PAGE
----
in the Royal
Guard of King William of Orange from 1693-99. These were special
were just one hundred of them, all over six feet tall, which
meant they were
very tall. In those days the average man's height was well under five
William married Eleanor Duff who came from a distinguished Scottish
Robert was born in England in 1695 and was very close to his mother's
1710 he and his uncle, Sir William MacDuff, who is thought to have been
embarked from Ireland for Virginia. They formed a partnership and
acreage in the Valley of Virginia and along the Rappahannock River,
In 1731 Sir William returned to England and died leaving no children
acres to Robert. Robert had married Eleanor or Dorothy Dunn of
known about her. He was a member of the Virginia Houses of
1748. His sons and grandchildren were connected in marriage to
Lees and other well known families of early Virginia.
Nathaniel (5) and Lucy Green Pinckard had had several children who were
Virginia. We know of William Green (6), Mildred (6), Elizabeth
G. (6), James
Jr. (6) (my direct ancestor), Charles II (6), Ann C. (Nancy) (6) who
all born in
Virginia, and Lucy Coleman Pinckard (6) who was born in Ohio.
Sometimes James Budd has a Jr. added to his name. This does not mean
father was also James Budd. It might have been another relative or
if there were two or three in town, they were numbered II or III
relation or lack of it was.
In 1800 Nathaniel received a license to manufacture and retail goods in
County. In 1805 or 6 after Nathaniel and Lucy's mothers had both
for Ohio on the National Road. This was not an easy journey as the ruts
sometimes as deep as the horses' shoulders.
They settled in Springfield, Clark County, Ohio, about 30 miles west of
In 1808 Nathaniel was appointed Justice of the Peace. He also
educational system for Springfield and set up a school in a
house on the
corner of Main and Market Streets. This was also the meeting place for
Methodists. Nathaniel continued to preach and officiate at weddings.
In 1819 the Pinckards moved to Alton, Illinois. It took them four weeks
from Ohio. There were fifteen of them as some of the older
children had married
had children of their own by this time. On the way west they met
Illinois settlers who warned of the miserable 'miasmas' of the
Illinois, 'the graveyard of the West'. There was wonderfully
rich soil on
Mississippi banks which was called the American Bottom, but the floods
especially the cholera brought up-river from New Orleans drove many
On the Pinckards' arrival in the fall they lived for two months in a
square half faced camp with a hole in the roof for a chimney. They were
family to move into what is now Alton, which was at the time in
boundaries. The Pinckards bought lots 'in town' and built a
cabin of round
room sixteen feet square with a hewed puncheon floor and warmly chinked
They moved in about Christmas, 1819, in miserable weather. On Christmas
they found a bee tree which provided much welcomed honey for their
In the spring of 1820 Nathaniel's (5) son, William (6) and son-in-law
Heath who had married Mildred (6), established a manufacturing business
household pottery from the fine lime nearby. It was very popular for at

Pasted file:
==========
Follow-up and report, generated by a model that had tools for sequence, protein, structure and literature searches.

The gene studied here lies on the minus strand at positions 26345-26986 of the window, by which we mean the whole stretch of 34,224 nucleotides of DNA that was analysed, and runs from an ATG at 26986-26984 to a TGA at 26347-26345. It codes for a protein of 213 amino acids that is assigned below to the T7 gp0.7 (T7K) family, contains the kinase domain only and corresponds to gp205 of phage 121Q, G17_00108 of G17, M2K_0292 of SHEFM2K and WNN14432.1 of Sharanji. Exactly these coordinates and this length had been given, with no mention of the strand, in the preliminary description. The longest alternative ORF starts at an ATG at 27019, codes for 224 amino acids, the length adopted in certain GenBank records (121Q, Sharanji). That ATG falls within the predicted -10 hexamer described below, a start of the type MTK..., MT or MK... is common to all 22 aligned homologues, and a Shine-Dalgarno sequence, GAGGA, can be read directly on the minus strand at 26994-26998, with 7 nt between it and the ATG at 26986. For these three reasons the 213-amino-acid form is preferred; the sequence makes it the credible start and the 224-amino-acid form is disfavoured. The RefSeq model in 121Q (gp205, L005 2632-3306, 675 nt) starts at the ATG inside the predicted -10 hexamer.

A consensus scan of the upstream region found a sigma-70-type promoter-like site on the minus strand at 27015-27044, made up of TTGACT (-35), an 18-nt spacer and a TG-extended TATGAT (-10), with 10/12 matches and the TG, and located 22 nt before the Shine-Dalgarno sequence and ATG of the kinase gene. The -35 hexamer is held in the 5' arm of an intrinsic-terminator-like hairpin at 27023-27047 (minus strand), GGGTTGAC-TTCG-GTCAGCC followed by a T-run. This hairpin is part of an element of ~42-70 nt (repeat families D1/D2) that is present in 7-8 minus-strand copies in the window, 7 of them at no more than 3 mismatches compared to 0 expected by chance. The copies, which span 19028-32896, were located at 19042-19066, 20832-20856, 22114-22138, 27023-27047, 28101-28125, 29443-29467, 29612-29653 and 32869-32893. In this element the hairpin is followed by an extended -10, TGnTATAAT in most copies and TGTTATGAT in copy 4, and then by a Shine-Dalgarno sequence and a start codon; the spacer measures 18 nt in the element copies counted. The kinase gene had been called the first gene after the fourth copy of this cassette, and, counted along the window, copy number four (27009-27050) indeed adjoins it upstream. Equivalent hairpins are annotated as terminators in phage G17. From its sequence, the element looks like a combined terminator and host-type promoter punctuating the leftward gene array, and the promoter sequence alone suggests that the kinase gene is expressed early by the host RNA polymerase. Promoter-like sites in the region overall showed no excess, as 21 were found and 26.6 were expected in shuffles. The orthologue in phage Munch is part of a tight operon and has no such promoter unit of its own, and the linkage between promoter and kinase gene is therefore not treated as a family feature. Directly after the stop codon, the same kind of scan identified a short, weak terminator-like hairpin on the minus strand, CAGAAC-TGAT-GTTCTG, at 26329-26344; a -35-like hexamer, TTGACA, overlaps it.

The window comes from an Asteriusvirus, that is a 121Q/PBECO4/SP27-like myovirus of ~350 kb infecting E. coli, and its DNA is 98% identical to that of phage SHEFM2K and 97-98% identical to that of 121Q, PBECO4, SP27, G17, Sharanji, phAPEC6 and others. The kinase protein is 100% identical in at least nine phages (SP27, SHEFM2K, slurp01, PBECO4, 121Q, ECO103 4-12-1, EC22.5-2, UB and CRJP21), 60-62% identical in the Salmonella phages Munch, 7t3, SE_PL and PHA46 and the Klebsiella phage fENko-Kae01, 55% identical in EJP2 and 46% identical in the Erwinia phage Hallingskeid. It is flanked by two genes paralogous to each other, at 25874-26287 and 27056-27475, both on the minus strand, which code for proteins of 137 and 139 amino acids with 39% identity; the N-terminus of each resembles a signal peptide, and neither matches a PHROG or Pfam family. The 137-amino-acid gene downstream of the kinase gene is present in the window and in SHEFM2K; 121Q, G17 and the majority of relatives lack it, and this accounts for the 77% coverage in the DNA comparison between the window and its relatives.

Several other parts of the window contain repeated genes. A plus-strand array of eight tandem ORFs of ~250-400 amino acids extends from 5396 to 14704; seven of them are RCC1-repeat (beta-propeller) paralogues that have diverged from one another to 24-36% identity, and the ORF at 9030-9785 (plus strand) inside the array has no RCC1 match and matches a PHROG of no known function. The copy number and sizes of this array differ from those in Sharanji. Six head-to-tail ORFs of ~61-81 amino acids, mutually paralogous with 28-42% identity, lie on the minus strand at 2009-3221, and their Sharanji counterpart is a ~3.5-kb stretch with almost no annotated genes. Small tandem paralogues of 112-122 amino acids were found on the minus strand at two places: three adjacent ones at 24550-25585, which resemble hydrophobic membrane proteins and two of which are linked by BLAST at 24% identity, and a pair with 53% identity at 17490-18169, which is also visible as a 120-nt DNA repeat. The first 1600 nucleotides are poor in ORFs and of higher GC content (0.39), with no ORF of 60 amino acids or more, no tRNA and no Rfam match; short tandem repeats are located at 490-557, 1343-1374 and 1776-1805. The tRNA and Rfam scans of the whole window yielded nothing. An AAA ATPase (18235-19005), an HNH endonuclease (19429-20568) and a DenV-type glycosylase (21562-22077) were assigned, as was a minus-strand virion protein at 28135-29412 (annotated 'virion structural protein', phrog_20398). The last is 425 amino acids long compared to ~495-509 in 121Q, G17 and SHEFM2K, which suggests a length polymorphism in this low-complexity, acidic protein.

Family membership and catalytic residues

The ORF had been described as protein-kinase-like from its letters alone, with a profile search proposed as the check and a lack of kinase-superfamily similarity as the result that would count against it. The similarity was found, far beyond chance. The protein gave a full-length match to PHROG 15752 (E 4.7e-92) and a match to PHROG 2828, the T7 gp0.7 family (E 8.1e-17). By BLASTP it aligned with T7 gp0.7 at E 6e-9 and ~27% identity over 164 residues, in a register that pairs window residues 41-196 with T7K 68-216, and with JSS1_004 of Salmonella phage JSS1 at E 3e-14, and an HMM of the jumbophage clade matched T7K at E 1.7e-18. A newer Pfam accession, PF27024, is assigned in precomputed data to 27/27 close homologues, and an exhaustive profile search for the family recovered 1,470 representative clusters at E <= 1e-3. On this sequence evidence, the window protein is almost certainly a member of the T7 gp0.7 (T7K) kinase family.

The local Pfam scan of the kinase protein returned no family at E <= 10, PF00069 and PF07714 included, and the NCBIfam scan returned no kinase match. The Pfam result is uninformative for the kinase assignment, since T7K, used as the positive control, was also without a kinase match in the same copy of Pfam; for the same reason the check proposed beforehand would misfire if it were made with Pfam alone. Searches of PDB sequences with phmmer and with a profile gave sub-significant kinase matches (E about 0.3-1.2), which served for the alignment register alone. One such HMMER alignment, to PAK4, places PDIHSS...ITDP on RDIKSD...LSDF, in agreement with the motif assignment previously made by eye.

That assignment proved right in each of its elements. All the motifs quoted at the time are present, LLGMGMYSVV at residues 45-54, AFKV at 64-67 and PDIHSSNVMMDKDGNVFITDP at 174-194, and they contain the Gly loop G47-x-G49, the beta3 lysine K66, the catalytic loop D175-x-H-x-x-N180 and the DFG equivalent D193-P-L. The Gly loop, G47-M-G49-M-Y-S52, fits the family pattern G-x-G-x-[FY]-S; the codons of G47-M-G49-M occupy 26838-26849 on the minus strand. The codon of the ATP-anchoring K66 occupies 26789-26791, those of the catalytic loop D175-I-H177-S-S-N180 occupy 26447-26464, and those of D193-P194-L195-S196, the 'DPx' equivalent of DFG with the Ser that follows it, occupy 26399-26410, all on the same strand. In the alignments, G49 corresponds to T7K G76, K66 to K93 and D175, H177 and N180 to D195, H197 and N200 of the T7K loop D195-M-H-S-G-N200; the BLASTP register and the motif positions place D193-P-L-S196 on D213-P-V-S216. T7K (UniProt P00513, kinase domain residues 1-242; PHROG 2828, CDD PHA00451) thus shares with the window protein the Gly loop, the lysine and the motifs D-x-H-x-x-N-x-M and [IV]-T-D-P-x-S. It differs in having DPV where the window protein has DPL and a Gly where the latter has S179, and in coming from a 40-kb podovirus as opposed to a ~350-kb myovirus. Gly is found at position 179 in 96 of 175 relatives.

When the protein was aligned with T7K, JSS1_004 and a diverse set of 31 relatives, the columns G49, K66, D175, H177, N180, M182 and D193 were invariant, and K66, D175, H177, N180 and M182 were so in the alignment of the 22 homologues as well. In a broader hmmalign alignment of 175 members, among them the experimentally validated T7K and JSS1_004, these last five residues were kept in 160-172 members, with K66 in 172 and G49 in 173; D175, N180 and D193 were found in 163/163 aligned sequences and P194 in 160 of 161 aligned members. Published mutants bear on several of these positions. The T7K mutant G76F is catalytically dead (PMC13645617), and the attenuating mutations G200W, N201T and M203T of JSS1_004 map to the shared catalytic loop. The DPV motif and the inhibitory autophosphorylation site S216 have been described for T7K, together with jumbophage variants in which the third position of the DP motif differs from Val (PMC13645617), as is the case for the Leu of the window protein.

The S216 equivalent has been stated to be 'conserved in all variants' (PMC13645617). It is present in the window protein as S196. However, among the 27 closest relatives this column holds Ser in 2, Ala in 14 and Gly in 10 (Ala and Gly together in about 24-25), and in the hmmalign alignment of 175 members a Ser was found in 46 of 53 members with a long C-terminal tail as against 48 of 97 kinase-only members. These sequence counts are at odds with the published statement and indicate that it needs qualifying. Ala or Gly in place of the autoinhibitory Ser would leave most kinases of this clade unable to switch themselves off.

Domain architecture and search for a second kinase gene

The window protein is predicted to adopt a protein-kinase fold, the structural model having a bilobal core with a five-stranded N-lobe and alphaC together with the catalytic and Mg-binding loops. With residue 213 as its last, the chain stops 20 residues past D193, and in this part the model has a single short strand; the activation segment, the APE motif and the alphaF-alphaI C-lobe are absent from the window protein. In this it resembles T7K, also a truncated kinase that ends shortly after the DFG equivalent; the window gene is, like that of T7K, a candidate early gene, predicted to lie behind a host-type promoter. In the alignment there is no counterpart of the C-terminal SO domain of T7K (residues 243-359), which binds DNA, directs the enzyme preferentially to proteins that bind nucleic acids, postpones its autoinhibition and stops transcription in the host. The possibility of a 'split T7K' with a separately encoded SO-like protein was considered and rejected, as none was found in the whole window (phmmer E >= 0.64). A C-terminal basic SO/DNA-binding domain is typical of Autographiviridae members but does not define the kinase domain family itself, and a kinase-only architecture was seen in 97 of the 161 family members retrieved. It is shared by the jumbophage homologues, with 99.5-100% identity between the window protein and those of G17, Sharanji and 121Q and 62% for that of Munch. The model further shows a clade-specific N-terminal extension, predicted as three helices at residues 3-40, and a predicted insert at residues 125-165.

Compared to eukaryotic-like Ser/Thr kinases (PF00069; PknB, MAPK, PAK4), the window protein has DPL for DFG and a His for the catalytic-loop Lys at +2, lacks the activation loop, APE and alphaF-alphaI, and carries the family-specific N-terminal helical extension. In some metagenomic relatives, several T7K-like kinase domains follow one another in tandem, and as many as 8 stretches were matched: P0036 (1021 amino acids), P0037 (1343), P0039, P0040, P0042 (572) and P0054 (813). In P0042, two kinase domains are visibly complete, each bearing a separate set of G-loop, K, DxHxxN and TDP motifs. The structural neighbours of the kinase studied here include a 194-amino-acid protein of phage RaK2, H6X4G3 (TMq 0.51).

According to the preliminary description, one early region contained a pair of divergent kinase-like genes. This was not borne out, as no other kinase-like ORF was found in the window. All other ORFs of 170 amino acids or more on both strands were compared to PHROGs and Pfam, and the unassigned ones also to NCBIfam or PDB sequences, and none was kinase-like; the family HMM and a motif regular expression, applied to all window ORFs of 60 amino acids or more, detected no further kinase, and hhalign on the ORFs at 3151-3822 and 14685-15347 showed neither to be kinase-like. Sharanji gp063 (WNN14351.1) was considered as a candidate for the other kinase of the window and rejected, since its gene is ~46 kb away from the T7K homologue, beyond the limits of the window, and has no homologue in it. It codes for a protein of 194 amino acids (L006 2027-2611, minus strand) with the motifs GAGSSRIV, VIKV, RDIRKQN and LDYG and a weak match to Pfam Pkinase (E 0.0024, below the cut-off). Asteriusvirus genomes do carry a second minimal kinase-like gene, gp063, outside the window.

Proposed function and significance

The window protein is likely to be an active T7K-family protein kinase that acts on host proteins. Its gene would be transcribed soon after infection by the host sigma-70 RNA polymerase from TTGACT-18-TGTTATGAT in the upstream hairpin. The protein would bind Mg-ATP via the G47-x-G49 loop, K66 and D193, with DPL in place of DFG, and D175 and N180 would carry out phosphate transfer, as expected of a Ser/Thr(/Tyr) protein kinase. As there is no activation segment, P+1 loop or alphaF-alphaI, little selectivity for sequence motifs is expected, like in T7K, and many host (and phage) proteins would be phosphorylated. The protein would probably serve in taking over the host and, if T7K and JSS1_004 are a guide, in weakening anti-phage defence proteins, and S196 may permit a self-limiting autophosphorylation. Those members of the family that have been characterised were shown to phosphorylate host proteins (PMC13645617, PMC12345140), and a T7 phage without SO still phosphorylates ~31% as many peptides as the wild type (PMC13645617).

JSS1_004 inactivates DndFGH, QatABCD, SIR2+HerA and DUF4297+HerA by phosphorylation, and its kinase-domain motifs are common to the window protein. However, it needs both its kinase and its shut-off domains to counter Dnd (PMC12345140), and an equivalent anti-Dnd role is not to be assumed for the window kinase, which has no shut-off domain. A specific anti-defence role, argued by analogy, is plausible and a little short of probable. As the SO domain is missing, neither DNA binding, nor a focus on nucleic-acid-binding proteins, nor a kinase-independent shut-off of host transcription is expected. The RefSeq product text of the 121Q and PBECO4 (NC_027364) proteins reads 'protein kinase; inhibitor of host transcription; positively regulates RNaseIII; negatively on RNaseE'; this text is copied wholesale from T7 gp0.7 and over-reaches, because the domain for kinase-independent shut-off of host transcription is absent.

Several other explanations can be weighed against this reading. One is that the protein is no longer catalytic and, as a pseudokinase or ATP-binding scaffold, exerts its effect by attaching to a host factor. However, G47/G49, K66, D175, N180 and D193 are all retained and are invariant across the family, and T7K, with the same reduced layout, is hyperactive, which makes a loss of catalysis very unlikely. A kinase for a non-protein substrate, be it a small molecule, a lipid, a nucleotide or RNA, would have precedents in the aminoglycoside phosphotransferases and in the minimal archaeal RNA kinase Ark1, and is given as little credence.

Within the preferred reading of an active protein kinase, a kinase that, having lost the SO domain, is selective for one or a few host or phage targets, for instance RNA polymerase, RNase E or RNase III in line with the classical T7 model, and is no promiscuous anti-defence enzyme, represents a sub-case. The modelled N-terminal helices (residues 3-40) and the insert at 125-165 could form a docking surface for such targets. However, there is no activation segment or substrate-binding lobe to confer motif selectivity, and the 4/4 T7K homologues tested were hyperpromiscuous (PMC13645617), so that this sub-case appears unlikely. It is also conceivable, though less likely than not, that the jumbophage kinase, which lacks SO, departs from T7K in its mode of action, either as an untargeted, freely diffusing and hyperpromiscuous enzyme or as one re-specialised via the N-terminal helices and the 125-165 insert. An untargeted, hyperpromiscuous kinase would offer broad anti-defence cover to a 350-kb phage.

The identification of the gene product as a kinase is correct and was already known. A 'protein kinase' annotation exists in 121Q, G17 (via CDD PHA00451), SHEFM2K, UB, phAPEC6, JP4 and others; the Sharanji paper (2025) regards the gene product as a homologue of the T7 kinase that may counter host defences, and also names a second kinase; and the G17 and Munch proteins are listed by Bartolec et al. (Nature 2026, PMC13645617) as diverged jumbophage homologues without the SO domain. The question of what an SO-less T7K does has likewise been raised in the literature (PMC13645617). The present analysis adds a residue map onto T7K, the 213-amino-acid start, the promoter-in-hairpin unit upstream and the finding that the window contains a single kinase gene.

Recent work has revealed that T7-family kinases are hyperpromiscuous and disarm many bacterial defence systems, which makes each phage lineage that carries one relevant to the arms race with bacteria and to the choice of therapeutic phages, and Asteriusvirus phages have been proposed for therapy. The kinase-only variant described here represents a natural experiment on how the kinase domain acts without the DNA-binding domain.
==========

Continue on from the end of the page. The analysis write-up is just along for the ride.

fifteen years with people coming from
far distances to buy their products.
The Pinckards' homes were meeting places for Methodists. Their pioneer
preachers, such as famed Peter Cartwright, often preached from
Nathaniel himself was "a very acceptable and useful local preacher" as
"Methodism in Illinois". Two daughters and two granddaughters
preachers. Three grandsons became Methodist ministers, though
not of our
Budd Pinckard (6) (JBP) line.
Nathaniel's son, William Green Pinckard (6), (1793-1866), was very
establishing Alton. He served as assessor, justice of the peace
built a number of houses in the town. He and his wife, Elizabeth
fourteen children, ten sons and four daughters. One son was an officer
in the Civil War and was killed trying to escape prison camp. Another,
Pinckard (7), went to California in 1853 and helped put up the
first telegraph lines between San Francisco and Sacramento. He came
establish a print shop in Springfield, Illinois, where he was a friend
and printer for
Abraham Lincoln. Lucy Coleman Pinckard (6) married James Moore,
of one of the
earliest American families who had settled that part of
Illinois. They were married
February 22, 1825. She died in Macoupin County, Illinois. My
Mestre Pinckard remembered visiting her when she was a little girl.
Moore was one of her
Nathaniel's wife, Lucy Green Pinckard, died in Alton in 1822.
She was buried in
the Upper Alton Cemetery where later Nathaniel and JBP's toddler
Green Pinckard (7), were also buried.
In 1823 Nathaniel married Mary Garretson Amos, the widow of a Methodist
minister, Abraham Amos. Mary (sometimes called Polly) was believed to
American baby to have been born in Illinois territory. Her
(1746-ca. 1797) served in the Virginia militia under General
the Illinois and Indiana territory. This military group had a great
deal to do with
winning the American Revolutionary War as they kept the British busy in
while General Washington and his soldiers were taking care of the east.
In 1780 James returned to Liberty, Virginia (near what is now Wheeling,
Virginia), for his wife, Isabella Kyle, and their four small